Hamilton E. Holmes was born in Atlanta on July 8, 1941. The son of a businessman and school teacher, he was the oldest of five children and grew up in a middle-class family that stressed education. Every family member in his generation, as well as all of his family for three preceding generations, was a college graduate. An athlete and a scholar, he lettered in football, basketball and track in high school, and was also his class valedictorian.
After attending Morehouse College for a year, Holmes transferred to the University of Georgia. He was one of the first two Black students at UGA. (A fellow high school classmate, Charlayne Hunter-Gault, was the other.) Despite a constant barrage of attention and racially motivated hostility, he graduated Phi Beta Kappa from the university in 1963. He then became the first Black person to enter Emory University’s School of Medicine, graduating in 1967. A respected orthopedic surgeon in Atlanta, Holmes was the Associate Dean at Emory’s School of Medicine and chairperson of the orthopedic unit at Grady Memorial Hospital in Atlanta.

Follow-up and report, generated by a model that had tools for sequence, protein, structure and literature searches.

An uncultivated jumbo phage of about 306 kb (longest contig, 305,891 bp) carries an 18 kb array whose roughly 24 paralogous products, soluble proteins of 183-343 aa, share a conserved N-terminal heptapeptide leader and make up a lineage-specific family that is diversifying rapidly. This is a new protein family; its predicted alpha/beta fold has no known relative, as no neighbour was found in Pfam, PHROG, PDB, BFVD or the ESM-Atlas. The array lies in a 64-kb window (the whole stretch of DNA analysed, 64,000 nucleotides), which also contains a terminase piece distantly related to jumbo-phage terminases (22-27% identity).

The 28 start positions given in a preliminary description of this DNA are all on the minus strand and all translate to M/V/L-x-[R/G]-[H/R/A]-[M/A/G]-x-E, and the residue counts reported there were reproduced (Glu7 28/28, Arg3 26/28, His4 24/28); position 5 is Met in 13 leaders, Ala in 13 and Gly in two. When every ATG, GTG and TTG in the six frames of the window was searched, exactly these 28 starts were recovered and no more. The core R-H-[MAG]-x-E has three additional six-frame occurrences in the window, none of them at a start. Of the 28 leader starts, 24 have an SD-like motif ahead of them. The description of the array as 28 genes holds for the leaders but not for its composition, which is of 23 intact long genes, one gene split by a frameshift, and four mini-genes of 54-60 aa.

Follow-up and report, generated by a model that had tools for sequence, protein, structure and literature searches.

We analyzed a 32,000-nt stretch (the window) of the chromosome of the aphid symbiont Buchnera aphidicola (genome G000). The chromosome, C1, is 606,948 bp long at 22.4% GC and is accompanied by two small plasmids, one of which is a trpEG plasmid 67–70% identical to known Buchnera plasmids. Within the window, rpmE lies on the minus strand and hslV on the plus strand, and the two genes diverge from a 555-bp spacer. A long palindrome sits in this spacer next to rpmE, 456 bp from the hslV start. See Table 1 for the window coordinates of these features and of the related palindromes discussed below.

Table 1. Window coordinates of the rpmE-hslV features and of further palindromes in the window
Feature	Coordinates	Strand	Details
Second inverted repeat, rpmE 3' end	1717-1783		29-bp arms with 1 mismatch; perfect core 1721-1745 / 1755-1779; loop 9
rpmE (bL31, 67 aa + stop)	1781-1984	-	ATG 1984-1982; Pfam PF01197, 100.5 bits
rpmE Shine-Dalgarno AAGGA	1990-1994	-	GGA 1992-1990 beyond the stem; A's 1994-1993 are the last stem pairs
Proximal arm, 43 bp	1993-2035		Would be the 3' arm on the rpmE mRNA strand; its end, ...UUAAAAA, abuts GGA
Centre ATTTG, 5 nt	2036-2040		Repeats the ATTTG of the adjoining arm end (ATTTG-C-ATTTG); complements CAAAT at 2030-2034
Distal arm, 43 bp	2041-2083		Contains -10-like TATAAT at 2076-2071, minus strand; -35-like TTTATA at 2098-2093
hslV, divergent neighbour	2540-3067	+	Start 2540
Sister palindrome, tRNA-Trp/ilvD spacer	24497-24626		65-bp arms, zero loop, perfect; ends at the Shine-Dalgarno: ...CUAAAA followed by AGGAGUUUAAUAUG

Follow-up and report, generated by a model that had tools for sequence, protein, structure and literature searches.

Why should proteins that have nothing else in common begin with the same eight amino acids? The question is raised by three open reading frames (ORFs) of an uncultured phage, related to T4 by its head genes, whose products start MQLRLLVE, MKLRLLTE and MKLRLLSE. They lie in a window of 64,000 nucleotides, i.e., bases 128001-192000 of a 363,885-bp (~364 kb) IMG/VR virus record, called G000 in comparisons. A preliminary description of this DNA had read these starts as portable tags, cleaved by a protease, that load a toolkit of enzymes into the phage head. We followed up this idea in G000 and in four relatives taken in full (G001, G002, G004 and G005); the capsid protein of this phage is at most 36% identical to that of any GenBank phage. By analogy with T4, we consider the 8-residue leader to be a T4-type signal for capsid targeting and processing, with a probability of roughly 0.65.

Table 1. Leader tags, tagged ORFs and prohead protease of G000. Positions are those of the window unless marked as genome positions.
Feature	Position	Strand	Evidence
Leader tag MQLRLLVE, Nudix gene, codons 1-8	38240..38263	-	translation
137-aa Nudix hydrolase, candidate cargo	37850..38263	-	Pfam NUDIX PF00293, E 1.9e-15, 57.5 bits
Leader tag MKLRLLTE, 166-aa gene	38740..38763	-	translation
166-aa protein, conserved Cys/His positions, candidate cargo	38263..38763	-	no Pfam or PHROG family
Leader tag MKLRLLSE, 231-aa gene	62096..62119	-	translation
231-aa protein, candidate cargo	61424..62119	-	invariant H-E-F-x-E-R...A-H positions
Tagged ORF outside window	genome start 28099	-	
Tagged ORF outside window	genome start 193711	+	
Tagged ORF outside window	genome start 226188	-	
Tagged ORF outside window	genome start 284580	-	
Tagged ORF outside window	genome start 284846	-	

In 1983, Holmes became the first Black to be named a trustee for the University of Georgia Foundation. He served on both the Foundation Fellows selection committee and the Bradley-Turner Foundation Leadership Scholars selection committee. Along with Hunter-Gault, Holmes was awarded UGA’s Bicentennial Medal in 1985. In 1993, UGA bestowed its Distinguished Alumni Merit Award upon Holmes.
Holmes died on October 26, 1995. A gift from the estate of Orrin A. Redmann established the Hamilton E. Holmes Professorship in honor of this trailblazer. It reflects a desire to strengthen the programs in the Franklin College of Arts and Sciences and to honor of the Holmes family’s dedication to the importance of education.